Supranormal myocardial creatine and phosphocreatine concentrations lead to cardiac hypertrophy and heart failure: insights from creatine transporter-overexpressing transgenic mice.
Wallis J., Lygate CA., Fischer A., ten Hove M., Schneider JE., Sebag-Montefiore L., Dawson D., Hulbert K., Zhang W., Zhang MH., Watkins H., Clarke K., Neubauer S.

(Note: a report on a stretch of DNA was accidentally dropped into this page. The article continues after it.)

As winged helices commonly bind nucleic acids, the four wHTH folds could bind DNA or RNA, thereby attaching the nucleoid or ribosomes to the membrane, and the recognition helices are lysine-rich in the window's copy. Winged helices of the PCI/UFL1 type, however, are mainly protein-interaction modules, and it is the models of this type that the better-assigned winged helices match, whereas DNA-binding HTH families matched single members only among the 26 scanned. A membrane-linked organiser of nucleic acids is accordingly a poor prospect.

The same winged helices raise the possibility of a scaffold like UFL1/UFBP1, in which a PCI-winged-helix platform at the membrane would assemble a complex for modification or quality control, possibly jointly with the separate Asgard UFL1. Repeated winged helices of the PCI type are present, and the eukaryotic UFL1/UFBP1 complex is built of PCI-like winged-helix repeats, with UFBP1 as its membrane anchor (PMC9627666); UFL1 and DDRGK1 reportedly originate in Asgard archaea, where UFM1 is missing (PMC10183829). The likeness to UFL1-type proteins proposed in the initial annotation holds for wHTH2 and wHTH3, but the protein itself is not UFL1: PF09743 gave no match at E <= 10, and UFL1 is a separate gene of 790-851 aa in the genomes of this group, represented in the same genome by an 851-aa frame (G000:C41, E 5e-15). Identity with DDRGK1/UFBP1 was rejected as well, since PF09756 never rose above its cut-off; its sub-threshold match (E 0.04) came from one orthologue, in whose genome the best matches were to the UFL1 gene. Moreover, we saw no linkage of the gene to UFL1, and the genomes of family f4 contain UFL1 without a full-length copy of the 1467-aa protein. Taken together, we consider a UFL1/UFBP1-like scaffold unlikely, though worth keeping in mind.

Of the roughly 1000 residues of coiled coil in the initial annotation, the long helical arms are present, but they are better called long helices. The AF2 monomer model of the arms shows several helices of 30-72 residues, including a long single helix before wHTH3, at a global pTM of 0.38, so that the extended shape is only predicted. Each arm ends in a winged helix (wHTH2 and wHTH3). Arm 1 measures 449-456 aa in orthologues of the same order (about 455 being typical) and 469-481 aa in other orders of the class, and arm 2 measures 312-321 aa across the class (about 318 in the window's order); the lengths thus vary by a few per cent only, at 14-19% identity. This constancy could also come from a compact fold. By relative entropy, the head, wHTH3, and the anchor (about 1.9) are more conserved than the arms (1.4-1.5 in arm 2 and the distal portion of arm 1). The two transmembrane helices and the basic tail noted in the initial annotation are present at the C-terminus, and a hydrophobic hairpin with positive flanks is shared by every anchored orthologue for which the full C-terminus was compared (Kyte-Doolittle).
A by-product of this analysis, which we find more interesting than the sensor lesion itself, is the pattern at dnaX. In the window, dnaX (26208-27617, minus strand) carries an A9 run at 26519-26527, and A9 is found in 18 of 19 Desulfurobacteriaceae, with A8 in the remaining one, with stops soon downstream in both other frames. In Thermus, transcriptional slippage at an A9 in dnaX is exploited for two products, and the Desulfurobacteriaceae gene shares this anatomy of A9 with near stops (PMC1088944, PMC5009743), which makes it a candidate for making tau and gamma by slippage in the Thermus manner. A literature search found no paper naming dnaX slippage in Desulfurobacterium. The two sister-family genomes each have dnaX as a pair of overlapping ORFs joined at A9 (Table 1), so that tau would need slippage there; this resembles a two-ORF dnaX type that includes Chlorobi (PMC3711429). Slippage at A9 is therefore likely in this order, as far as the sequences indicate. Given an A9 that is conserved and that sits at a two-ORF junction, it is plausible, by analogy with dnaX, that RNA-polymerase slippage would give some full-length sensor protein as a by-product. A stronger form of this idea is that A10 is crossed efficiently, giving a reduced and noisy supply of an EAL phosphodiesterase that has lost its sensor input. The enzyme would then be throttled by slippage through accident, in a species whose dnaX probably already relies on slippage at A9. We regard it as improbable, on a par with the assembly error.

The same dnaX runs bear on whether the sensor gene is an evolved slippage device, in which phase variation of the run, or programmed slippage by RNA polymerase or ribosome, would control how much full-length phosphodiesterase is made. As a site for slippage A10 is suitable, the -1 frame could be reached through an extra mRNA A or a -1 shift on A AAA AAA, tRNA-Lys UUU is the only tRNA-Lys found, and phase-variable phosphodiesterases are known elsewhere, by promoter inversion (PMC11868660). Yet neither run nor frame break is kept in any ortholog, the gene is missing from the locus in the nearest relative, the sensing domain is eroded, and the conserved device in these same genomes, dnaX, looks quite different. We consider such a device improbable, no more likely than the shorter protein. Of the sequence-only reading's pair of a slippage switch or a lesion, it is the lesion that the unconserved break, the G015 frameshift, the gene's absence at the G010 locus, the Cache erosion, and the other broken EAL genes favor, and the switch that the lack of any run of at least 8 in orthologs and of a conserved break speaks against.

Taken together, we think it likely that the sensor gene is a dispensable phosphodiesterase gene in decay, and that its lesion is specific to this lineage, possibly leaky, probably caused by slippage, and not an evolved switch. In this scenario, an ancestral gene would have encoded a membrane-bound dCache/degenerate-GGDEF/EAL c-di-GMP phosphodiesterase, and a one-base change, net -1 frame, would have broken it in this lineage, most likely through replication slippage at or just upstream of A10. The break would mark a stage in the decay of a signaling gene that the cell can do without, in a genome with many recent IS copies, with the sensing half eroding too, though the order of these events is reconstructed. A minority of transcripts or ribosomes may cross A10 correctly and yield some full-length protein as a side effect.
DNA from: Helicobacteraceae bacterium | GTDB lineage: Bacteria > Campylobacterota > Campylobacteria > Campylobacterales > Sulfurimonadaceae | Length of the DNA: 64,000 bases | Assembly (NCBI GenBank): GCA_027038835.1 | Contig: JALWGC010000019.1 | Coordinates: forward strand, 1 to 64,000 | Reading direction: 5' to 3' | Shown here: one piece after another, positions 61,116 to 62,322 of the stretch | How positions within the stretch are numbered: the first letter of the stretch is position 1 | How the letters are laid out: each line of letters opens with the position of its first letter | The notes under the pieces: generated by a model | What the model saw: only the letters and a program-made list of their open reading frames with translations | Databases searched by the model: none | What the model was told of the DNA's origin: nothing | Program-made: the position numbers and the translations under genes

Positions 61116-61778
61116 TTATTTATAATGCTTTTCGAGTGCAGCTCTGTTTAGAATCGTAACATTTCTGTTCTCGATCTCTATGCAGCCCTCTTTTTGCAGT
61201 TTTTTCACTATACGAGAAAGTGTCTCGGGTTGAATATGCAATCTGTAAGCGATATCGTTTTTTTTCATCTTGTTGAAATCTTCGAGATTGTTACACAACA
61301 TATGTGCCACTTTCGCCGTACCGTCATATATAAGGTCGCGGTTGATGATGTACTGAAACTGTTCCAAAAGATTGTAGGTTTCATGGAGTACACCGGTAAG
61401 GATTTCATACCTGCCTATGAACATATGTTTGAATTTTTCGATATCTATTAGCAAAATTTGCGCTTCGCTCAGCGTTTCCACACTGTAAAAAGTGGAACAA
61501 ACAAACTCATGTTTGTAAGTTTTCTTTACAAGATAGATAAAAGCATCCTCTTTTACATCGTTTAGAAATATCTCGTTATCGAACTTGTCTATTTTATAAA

BACKGROUND: Heart failure is associated with deranged cardiac energy metabolism, including reductions of creatine and phosphocreatine. Interventions that increase myocardial high-energy phosphate stores have been proposed as a strategy for treatment of heart failure. Previously, it has not been possible to increase myocardial creatine and phosphocreatine concentrations to supranormal levels because they are subject to tight regulation by the sarcolemmal creatine transporter (CrT). METHODS AND RESULTS: We therefore created 2 transgenic mouse lines overexpressing the myocardial creatine transporter (CrT-OE). Compared with wild-type (WT) littermate controls, total creatine (by high-performance liquid chromatography) was increased in CrT-OE hearts (66+/-6 nmol/mg protein in WT versus 133+/-52 nmol/mg protein in CrT-OE). Phosphocreatine levels (by 31P magnetic resonance spectroscopy) were also increased but to a lesser extent. Surprisingly, CrT-OE mice developed left ventricular (LV) dilatation (LV end-diastolic volume: 21.5+/-4.3 microL in WT versus 33.1+/-9.6 microL in CrT-OE; P=0.002), substantial LV dysfunction (ejection fraction: 64+/-9% in WT versus 49+/-13% in CrT-OE; range, 22% to 70%; P=0.003), and LV hypertrophy (by 3-dimensional echocardiography and magnetic resonance imaging). Myocardial creatine content correlated closely with LV end-diastolic volume (r=0.51, P=0.02), ejection fraction (r=-0.74, P=0.0002), LV weight (r=0.59, P=0.006), LV end-diastolic pressure (r=0.52, P=0.02), and dP/dt(max) (r=-0.69, P=0.0008). Despite increased creatine and phosphocreatine levels, CrT-OE hearts showed energetic impairment, with increased free ADP concentrations and reduced free-energy change levels. CONCLUSIONS: Overexpression of the CrT leads to supranormal levels of myocardial creatine and phosphocreatine, but the heart is incapable of keeping the augmented creatine pool adequately phosphorylated, resulting in increased free ADP levels, LV hypertrophy, and dysfunction. Our data demonstrate that a disturbance of the CrT-mediated tight regulation of cardiac energy metabolism has deleterious functional consequences. These findings caution against the uncritical use of creatine as a therapeutic agent in heart disease.